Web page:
Hilma Wolitzer is the author of nine novels, including Hearts, The Doctor's Daughter, and An Available Man. She also has written a guide to writing, The Company of Writers, and books for young readers.
Q: Your most recent novel, An Available Man, focuses on a widower, Edward, and his family and potential love interests. How did you come up with these characters, and why did you decide to write from a male point of view?
A: Several of my women friends were widowed or divorced and re-entering the dating world. I heard some harrowing and funny (and wonderful) stories that made me want to write about starting over later in life. At first I was going to have a female protagonist, but then I began wondering how men coped with the issues of loss and loneliness, which didn’t seem to be gender-specific. Suddenly, I envisioned a man ironing in his living room, and that was Edward. His story, and all the characters in his life, grew from that image. It was a challenge to write from the male point of view, especially for someone without brothers or sons, but one that I enjoyed. The title, An Available Man, is somewhat ironic because Edward is pursued by women soon after his wife’s death, but doesn’t feel emotionally available.
Q: You've written nine novels. Do you have any favorite characters among all of those that you've created?
A: That’s something like asking which of my children is my favorite! I love all of them, of course, but for different reasons. The most recent ones, like Edward and his family, are freshest in my mind, but I still have a soft spot for all the others. My fiction is always character-driven, so whenever I finish a novel, I feel a little bereft. Maybe that’s why I’ve written sequels to a couple of them.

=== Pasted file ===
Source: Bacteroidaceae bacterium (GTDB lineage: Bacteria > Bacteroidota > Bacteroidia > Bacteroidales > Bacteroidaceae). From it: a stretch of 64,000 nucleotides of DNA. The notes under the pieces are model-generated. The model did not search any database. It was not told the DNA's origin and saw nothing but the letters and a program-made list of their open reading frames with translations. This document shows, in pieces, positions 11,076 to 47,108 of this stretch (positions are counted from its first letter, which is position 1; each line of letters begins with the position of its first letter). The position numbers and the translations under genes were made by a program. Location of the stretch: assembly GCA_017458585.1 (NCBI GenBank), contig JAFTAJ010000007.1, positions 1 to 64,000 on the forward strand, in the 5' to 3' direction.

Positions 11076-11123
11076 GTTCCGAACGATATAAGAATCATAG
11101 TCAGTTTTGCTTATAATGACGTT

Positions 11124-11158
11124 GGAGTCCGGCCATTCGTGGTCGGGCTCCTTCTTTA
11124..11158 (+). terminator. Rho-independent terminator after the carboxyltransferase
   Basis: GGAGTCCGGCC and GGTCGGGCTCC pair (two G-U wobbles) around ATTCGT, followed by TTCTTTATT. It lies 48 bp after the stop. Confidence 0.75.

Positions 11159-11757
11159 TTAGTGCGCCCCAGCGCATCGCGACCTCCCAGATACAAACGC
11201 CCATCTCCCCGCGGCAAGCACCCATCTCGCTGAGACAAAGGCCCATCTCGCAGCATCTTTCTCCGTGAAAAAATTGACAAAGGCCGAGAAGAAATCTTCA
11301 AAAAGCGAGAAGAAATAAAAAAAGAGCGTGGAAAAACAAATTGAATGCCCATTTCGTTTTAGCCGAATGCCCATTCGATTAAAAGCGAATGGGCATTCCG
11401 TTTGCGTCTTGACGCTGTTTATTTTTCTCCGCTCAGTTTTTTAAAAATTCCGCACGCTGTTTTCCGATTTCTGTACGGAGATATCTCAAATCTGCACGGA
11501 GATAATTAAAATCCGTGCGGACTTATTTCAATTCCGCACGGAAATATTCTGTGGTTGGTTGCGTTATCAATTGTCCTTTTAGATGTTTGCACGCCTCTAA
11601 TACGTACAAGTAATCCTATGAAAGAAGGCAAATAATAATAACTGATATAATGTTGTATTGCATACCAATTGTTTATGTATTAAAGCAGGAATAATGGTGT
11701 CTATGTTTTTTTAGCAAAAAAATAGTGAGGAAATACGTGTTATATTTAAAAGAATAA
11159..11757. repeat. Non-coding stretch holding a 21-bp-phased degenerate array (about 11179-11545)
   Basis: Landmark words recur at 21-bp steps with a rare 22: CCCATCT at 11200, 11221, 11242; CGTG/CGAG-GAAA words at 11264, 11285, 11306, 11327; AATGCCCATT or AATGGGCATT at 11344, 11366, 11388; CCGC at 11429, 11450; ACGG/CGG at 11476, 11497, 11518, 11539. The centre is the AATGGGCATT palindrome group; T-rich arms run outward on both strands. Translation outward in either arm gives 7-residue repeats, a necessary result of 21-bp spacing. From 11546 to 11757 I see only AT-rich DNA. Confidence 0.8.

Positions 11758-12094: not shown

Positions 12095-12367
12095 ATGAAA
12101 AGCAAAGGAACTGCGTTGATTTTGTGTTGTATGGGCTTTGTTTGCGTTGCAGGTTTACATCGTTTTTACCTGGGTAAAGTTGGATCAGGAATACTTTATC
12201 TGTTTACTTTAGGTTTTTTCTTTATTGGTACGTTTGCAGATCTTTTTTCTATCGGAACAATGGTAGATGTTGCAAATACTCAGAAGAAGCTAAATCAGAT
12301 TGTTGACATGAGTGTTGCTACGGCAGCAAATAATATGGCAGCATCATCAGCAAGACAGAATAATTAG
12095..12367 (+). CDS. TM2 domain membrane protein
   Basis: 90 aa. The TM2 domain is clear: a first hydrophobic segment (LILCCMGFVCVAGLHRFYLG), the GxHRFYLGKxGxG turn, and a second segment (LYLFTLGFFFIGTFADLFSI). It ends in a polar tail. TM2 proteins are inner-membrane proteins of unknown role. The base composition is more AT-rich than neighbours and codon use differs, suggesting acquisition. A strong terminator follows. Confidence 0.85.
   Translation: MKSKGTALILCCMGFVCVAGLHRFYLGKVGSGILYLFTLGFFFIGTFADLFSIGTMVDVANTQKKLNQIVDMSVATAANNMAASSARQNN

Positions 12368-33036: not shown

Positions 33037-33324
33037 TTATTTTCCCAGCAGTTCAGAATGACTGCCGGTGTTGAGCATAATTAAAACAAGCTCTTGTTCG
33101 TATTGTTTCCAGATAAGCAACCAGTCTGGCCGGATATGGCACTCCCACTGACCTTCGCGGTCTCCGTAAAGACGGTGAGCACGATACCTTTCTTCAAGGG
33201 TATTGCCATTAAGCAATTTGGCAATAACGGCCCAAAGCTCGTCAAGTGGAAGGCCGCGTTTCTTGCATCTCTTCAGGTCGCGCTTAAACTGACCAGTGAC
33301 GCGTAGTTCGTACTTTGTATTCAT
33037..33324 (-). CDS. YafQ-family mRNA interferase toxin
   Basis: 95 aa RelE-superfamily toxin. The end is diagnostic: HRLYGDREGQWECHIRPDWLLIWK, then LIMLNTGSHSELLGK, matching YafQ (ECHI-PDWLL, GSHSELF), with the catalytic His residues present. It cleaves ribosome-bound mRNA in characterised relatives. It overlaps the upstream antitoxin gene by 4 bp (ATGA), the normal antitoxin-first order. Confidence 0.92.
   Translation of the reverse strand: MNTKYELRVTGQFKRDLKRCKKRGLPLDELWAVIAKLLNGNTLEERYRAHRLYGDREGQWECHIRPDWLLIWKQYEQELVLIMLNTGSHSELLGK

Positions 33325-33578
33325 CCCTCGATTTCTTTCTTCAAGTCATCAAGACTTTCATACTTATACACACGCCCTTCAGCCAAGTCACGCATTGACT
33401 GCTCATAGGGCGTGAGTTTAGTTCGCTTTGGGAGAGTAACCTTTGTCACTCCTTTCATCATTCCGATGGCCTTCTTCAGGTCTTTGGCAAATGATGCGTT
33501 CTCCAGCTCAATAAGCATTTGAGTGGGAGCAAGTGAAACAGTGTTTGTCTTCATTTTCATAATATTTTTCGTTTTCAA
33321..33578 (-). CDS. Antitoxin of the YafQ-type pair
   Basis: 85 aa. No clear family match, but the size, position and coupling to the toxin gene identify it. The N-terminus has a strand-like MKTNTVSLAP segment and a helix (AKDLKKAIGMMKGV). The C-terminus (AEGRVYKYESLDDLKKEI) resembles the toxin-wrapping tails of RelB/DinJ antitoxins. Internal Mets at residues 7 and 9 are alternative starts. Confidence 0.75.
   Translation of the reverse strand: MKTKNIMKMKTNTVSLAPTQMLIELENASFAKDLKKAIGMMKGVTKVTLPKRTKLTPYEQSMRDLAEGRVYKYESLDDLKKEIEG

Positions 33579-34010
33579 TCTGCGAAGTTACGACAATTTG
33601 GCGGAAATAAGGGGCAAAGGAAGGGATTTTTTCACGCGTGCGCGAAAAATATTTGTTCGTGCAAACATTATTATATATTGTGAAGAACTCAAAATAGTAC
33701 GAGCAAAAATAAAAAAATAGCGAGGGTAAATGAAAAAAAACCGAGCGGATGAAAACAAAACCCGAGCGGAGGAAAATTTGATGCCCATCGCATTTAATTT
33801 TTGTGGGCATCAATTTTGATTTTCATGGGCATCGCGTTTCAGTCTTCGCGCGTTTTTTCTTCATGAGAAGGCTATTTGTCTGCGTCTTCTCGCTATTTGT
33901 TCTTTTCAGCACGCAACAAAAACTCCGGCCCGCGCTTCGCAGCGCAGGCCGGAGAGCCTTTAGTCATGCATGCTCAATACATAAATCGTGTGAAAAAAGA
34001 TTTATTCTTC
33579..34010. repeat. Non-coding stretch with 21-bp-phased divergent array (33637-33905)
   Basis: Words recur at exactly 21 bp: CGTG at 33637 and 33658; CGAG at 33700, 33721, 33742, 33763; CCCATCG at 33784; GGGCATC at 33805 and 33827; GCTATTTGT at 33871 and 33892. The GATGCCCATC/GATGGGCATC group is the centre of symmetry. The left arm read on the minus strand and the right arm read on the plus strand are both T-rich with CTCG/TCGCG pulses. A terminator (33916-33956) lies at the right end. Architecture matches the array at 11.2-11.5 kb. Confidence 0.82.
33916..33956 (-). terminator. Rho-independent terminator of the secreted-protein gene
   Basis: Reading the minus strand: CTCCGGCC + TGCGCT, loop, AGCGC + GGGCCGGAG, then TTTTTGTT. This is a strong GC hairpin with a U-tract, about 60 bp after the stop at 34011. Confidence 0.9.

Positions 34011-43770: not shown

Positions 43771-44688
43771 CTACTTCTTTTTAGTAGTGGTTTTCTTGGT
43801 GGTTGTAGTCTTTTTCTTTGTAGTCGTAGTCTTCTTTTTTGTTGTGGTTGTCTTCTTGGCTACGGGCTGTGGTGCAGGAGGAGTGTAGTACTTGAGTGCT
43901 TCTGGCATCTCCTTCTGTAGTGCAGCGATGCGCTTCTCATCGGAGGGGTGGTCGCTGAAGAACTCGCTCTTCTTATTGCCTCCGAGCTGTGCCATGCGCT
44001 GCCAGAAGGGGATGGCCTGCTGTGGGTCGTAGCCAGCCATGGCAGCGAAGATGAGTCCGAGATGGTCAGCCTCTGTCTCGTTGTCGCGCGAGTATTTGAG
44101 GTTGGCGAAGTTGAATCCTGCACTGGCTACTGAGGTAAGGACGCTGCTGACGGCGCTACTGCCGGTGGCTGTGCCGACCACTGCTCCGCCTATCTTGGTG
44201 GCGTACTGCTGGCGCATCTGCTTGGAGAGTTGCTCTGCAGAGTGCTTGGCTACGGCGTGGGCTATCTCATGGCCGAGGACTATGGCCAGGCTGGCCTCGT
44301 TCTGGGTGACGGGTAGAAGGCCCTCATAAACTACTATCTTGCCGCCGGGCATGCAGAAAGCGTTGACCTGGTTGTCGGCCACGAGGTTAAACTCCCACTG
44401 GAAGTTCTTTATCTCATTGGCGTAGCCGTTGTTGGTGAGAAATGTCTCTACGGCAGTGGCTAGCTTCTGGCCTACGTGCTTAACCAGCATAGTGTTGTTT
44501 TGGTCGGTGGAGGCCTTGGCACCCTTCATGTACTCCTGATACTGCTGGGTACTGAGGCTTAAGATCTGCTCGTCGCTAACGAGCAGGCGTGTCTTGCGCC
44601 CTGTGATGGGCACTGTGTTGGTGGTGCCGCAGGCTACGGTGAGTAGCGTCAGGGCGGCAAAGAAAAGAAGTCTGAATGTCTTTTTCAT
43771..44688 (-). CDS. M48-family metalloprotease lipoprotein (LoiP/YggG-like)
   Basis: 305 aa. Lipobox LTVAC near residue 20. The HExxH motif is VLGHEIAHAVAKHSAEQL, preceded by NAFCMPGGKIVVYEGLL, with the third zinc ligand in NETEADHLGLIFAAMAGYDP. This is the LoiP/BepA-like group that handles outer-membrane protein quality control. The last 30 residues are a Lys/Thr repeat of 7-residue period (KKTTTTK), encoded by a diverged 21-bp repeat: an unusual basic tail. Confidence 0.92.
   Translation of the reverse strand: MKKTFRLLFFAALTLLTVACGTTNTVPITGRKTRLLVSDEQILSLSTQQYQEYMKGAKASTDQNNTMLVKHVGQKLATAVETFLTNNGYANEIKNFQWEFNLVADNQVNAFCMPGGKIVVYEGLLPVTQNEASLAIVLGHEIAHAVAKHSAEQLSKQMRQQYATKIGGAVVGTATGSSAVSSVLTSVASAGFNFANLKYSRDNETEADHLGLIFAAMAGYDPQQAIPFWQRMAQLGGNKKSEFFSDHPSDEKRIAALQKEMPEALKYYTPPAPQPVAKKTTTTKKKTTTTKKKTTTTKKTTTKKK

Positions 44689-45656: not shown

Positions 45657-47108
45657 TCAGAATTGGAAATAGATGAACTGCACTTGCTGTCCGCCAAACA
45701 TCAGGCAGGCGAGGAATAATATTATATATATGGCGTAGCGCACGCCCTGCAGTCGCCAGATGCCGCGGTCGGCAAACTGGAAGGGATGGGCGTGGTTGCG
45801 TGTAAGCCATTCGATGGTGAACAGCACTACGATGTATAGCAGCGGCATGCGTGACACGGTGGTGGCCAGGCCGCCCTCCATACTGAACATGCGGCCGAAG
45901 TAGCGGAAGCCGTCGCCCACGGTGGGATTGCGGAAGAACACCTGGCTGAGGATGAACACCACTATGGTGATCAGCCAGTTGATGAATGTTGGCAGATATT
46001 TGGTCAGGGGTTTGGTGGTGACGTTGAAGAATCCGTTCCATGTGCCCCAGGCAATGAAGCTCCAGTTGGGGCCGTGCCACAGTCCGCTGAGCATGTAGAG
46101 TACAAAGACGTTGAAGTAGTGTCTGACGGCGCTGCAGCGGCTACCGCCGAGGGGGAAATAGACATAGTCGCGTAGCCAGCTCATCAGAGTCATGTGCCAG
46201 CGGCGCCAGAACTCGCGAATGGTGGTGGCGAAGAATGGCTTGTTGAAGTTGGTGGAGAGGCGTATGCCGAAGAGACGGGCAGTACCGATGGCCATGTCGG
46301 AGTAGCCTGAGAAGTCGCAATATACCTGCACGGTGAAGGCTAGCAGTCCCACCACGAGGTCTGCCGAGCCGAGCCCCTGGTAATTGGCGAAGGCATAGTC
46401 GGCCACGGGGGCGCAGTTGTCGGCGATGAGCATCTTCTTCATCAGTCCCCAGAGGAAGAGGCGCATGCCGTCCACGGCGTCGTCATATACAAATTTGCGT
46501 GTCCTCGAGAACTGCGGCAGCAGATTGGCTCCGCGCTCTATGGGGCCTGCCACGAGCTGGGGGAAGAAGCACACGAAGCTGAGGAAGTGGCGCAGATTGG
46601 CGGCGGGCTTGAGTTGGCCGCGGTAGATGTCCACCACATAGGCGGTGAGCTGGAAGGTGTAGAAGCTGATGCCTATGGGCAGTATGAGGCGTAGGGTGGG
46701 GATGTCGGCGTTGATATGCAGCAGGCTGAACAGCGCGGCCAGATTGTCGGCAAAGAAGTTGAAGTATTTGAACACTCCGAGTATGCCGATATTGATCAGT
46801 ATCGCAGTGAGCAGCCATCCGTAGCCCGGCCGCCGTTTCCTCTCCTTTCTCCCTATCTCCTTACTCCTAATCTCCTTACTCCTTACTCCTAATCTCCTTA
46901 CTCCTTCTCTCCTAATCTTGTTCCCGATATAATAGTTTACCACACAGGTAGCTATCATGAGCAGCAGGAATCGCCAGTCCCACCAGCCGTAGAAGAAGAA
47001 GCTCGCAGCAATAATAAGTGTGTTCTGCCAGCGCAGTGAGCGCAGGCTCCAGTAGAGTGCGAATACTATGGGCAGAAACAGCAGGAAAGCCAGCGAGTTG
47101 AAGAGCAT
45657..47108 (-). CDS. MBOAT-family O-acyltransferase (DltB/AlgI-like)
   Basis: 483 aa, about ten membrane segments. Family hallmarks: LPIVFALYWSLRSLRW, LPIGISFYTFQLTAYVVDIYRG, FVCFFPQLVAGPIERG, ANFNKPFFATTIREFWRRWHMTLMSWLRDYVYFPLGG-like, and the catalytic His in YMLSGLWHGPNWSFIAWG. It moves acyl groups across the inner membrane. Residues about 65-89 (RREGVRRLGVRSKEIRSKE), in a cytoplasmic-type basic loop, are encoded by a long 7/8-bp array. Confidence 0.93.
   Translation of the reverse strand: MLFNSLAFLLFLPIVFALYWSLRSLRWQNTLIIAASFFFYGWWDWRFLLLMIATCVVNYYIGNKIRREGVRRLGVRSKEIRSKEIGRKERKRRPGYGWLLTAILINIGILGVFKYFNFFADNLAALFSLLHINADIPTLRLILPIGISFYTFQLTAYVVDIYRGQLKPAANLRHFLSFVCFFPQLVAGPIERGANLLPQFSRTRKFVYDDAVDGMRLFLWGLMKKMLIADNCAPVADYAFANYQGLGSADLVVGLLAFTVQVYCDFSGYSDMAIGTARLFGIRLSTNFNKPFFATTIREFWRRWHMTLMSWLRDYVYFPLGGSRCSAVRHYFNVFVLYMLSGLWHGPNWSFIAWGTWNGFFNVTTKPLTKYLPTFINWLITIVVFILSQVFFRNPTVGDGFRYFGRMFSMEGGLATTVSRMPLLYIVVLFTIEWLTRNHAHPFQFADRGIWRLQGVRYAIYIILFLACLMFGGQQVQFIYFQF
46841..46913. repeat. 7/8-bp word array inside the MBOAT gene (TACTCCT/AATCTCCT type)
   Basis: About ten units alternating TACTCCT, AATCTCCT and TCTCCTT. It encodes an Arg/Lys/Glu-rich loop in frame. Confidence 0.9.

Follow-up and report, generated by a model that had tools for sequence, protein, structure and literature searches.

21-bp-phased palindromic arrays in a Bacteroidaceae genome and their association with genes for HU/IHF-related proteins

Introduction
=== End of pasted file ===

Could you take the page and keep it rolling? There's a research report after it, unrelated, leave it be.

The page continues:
Q: In addition to your novels, you've also written non-fiction and books for young readers. Which type of writing do you prefer, and why?
A: I enjoy writing fiction of any kind the most. It gives me a chance to “live” additional, alternate lives, even if they’re only inside my head. The age of the characters (or my readers) doesn’t matter.
Q: Your daughter Meg Wolitzer is also a novelist. What similarities and differences do you see in your writing and hers?
A: Meg is one of my favorite writers (as well as one of my favorite children!) I think we both see the pathos and humor in most human events. Some readers see a similarity in our styles, but I think we share a world view more than a way of writing. For one thing, her chapters are longer! We often admire the same books, and our shared profession does give an extra dimension to our relationship.
Q: What are you working on now?
A: I’ve just begun a new novel—a kind of psychological mystery. It’s too early to talk about in any coherent way, except to say that I’m becoming attached to the characters and hope they’ll reveal their story (which I never know fully in advance). I write for the same reason I read—to find out what happens.
Q: Anything else we should know?
A: I’m one of those lucky writers who are able to read other people’s work in the midst of writing my own. Some of my favorite books this year are The Patrick Melrose Novels by Edward St. Aubyn and Carry the One by Carol Anshaw. I’m also re-reading books by Edith Wharton and (my birthday twin) Virginia Woolf.
--Interview with Deborah Kalb